Barclays Fined 3.75 Million Over Inadequate Record-Keeping


A U.S. regulator has fined Barclays (NYSE:BCS), a multinational British banking and financial services company, $3.75 million for allegedly neglecting to keep accurate electronic records, emails, and instant messages, according to Reuters.

The Financial Industry Regulatory Authority, an independent regulator that oversees more than 4,100 securities firms, reported Thursday that over the course of the previous decade — encompassing the years 2002-2012 — it found that Barclays failed to preserve order and trade ticket data, trade confirmations, account records, and other information, said Reuters.

According to both FINRA and federal securities law, companies are required not only to preserve electronic information, but preserve it in a form that prevented it’s alteration or erasure. Barclays failed to keep records in this non-rewritable, read-only format. Barclays also failed to keep e-mail attachments sent by Bloomberg between May 2007 and May 2010, along with records of 3.3 million Bloomberg instant messages between October of 2008 and May 2010, the Wall Street Journal reported, via FINRA.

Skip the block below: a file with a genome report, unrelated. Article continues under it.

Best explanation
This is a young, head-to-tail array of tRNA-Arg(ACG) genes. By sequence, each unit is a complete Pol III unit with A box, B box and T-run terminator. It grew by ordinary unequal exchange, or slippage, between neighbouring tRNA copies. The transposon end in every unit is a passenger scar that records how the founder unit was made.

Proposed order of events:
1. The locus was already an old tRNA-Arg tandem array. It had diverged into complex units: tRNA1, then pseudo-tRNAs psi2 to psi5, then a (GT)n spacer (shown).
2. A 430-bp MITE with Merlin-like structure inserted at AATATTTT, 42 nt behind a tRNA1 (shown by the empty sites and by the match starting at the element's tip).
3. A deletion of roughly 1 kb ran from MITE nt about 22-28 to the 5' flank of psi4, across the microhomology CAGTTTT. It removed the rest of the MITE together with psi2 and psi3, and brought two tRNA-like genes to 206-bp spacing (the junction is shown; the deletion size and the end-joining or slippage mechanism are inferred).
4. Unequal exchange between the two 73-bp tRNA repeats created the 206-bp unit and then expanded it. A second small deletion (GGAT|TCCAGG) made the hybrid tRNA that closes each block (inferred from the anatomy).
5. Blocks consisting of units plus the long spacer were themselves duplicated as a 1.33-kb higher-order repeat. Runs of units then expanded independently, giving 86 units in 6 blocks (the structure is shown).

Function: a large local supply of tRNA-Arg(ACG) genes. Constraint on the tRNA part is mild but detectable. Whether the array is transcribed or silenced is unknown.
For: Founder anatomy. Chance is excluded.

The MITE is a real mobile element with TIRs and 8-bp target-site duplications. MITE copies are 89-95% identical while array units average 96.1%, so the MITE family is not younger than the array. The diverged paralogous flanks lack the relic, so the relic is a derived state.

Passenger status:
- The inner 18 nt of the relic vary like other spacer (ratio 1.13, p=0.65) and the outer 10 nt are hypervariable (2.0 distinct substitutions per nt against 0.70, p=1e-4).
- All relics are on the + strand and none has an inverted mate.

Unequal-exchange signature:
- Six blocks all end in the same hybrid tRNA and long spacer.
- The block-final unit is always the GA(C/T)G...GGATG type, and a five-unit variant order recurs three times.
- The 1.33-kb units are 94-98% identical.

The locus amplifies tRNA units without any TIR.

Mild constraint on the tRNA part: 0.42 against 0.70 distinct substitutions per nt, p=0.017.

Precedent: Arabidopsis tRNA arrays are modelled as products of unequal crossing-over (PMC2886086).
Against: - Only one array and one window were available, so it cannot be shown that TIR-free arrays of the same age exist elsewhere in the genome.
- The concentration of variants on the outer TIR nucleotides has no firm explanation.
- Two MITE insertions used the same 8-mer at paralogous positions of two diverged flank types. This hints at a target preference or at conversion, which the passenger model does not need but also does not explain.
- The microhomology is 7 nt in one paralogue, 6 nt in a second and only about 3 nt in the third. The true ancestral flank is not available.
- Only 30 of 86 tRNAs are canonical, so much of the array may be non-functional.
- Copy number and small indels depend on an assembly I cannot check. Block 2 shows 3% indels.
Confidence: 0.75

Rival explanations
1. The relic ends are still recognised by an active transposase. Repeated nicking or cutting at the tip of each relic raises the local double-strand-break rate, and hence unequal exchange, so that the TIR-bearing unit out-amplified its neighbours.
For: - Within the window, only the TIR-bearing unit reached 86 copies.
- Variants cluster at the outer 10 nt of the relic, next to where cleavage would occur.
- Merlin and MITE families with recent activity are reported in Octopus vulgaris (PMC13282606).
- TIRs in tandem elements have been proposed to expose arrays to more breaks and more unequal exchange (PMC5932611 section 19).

FINRA reports that failure to properly keep electronic records is a violation of the Securities and Exchange Commission, as well as the National Association of Securities Dealers, and FINRA’s own rules and regulations on the subject. “Ensuring the integrity, accuracy, and accessibility of electronic books and records is essential to a firm’s ability to meet its compliance obligations,” Brad Bennett, FINRA’s executive vice president said, in a statement according to the Wall Street Journal.

Part of Barclays’ difficulty in maintaining its’ records properly could partially be due to the fact that the company never established a system, or written procedures for complying with SEC, NASD and FINRA regulations. Barclays’ spokesperson declined a request for comment from Reuters, and the company has neither admitted nor denied any wrongdoing. The company, has, however, agreed to a censure and to allow FINRA’s documentation of its findings.

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